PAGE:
Aaron Beck: Badass Defined

Plymouth Cuda

Plymouth Cuda – Aaron Beck

If you read yesterday’s hearse post, you’ll have seen the image of a rather mean, stretched and black Dodge Challenger. The rendering is by a talented individual called, Aaron Beck, a guy who obviously knows and understands what makes a car badass. His twisted and sinister vision is capable of possessing a collection of nuts and bolts with the kind of presence that gives Gargling Gas goose bumps.

Take the Plymouth Barracuda above, for example, a car I could see myself cruising along Nevada back roads in, body parts in the trunk, wads of cash on the passenger seat, the throb of V8 the perfect soundtrack as I headed towards the horizon.

Rocket Bunny Cuda (Nissan S13 front end) - Aaron Beck

Rocket Bunny Cuda (Nissan S13 front end) – Aaron Beck

If someone were to ask you to imagine what the love child of a 70s Cuda and an early 90s Nissan S13 would look like, you’d assume they’d left their medication in the cabinet that morning. Ask Aaron Beck and he’d answer, “It would like a Rocket Bunny drift car, of course.”

The lines all work, as does the front end, and as far as the usual LS V8 engine swap the drifters all go for today, leave the original Hemi in it and call it perfection.

Rat Cuda - Aaron Beck

Rat Cuda – Aaron Beck

The Rat look is a phenomenon that just keeps growing, its rusty insidious tendrils reaching out past the usual fare of American iron to German soil and the VWs and Bimmers. The Rat Cuda above is a rendering done for the up and coming Mad Max: Fury Road movie. This is another reason I feel Aaron is worthy of a post, the fact he is associated with one of my favourite road movies.

Mad Max Vehicle - Aaron Beck

Mad Max Vehicle – Aaron Beck

 

Aaron Beck's Kuda

Aaron Beck’s Kuda

From his renderings to reality, Aaron’s three dimensional ride is his Kuda pictured above. His eye for detail and talent make it extremely hard to tell what is 2D and what is real, but if you take a look at beckkustoms, you can witness the Kuda’s build and the labour of love that is the car’s interior.

So I doff my cap to you, Sir Aaron Beck, for your creations are sinister and the epitome of ‘badass’ – I’ll certainly be paying extra attention when I sit down and watch Mad Max: Fury Road.

 

 

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A Good Year: Do You Conform With These Rules?

1957 Chevrolet Bel Air

1957 Chevrolet Bel Air

Like fine wines and their ‘good years’, a car’s desirability can also be signified by its year of manufacture. Just as a season of perfect weather conditions grace the land, producing palate-tantalising grape nectar, car designers manage to merge the combination of curves, lines and technological advancements to create an automotive ‘good’ year.

One of the finest years has to be 1957, a year Chevrolet nailed the Bel Air pictured above. Out of all the automotive TV programs I watch, “57” comes up the most. It’s not surprising, either; just look at the combination of curves and lines and the way it’s a fairly compact car but features those glorious fins.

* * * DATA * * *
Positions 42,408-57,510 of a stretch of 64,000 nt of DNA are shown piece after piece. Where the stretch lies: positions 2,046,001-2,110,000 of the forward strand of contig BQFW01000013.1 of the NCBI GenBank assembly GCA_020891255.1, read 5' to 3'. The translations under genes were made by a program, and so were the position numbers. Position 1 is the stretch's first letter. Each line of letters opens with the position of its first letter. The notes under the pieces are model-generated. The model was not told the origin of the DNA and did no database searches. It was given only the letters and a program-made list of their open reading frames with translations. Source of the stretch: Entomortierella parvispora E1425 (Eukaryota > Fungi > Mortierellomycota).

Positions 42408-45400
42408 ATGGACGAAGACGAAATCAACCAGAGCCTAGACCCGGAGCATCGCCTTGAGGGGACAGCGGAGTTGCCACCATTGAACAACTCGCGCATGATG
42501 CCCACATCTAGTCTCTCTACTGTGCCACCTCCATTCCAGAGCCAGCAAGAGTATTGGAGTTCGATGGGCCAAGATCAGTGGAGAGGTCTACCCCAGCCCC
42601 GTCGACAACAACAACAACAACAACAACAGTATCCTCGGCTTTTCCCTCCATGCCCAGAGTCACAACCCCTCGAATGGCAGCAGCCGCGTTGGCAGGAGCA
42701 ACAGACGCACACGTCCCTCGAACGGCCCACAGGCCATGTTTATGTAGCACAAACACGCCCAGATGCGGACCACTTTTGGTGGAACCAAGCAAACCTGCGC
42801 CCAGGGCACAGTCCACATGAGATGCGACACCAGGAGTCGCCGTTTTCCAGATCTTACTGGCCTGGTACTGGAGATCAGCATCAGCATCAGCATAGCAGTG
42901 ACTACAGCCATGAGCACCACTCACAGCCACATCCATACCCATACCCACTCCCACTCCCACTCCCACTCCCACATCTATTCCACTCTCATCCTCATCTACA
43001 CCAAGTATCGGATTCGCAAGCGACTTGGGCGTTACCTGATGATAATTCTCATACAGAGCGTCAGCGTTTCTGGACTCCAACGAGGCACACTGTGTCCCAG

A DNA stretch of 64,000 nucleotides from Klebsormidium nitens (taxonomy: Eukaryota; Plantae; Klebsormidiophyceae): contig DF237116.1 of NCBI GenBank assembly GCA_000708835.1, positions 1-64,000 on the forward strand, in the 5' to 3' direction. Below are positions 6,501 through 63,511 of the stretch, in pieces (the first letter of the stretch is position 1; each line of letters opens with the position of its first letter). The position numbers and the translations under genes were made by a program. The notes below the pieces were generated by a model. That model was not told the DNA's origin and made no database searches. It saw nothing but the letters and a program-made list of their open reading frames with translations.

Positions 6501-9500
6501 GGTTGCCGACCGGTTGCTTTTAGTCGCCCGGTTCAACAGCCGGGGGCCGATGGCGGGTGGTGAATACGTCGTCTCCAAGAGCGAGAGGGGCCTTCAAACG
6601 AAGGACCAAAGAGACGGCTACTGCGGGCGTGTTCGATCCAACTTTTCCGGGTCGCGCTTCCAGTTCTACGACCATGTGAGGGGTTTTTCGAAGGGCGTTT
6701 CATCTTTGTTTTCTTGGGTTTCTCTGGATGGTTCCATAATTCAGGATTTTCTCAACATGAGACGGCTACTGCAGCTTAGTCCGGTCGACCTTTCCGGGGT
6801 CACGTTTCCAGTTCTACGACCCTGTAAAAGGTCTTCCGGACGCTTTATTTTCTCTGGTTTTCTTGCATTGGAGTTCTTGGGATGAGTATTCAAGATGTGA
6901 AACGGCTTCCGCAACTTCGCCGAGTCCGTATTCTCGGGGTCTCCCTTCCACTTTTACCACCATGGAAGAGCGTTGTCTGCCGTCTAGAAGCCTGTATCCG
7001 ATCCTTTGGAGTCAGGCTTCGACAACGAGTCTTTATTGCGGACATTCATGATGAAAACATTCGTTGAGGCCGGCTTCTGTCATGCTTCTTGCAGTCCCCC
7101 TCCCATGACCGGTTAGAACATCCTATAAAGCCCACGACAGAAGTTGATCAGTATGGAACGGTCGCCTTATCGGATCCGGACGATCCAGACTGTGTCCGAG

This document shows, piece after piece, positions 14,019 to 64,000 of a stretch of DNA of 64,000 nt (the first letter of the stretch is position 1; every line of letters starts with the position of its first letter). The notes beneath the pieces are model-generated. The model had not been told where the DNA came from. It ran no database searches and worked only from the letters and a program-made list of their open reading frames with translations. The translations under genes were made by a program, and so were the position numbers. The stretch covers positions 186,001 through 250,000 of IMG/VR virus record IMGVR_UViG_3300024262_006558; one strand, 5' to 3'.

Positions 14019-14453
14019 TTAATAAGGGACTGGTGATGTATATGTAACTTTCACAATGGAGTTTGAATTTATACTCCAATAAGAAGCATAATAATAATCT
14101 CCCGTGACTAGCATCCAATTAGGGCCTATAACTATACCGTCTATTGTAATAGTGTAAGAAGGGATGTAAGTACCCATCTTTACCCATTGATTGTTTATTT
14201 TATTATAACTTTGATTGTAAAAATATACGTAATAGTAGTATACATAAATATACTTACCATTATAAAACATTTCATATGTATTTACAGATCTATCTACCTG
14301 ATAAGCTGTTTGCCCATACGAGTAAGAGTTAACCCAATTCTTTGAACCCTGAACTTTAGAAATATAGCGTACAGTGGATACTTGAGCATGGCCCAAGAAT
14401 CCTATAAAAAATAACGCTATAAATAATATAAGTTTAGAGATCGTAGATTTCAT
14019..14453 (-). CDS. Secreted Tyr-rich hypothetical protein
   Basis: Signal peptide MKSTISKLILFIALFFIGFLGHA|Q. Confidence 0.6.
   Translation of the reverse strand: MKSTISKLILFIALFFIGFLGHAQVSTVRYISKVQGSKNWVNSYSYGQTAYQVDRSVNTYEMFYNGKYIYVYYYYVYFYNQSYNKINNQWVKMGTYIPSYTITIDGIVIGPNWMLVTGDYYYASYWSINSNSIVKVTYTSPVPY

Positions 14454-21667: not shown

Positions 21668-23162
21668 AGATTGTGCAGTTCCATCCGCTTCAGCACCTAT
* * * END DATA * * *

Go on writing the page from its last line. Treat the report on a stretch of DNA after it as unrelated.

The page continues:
This article features American cars because, although Euro and Japanese cars have their ‘good’ modes, they are defined more by their chassis number, spec and ‘facelift’ improvements.

1962 Ford Thunderbird

1962 Ford Thunderbird

Take the Ford Thunderbird above, for example, one of my favourite looking cars. Despite it being in my top 5 garage, I could only have one from 1961-63 because of those rear afterburner tail lights. American cars seemed to change their looks considerably over a short period of time, whereas the rest of the world hang on to their chassis number longer and work on technology and subtle design improvements.

1963 Corvette

1963 Corvette

Another extremely desirable car is the 1963 Corvette Stingray for the simple reason ’63 was the only year Chevrolet produced the rear split-screen.

1970 Plymouth Hemi Cuda

1970 Plymouth Hemi Cuda

In 1970, after Plymouth had a redesign on their Barracuda, shifting it away from resembling their Valiant design, they built a limited number Hemi ‘Cudas, a car now highly sought after because of its place and heritage in the 1970s muscle car story.

Last but not least… 1987… the Buick GNX. How could Gargling Gas not feature its all time favourite car? After Buick transformed their rather bland Regal into a turbocharged monster in 1984, calling it the Grand National, just three years on saw a farewell with their GNX, the X standing for ‘experimental’. This X meant 275-hp, a massively understated figure that left the GNX a must for the serious collector.

1987 Buick GNX

1987 Buick GNX

Of course, there are many more cars I could list, so forgive me for not listing them, but I’d be getting away from the point of my article:

So with my long-winded explanation that cars have their good years and all this talk of desirable models, do you conform to prescribed? Do you go along with these ‘good’ years, or do you like the ‘undesirables’, the ‘ugly ducklings’ you find alluring, looks that appeal to you simply because they tick all your personal boxes?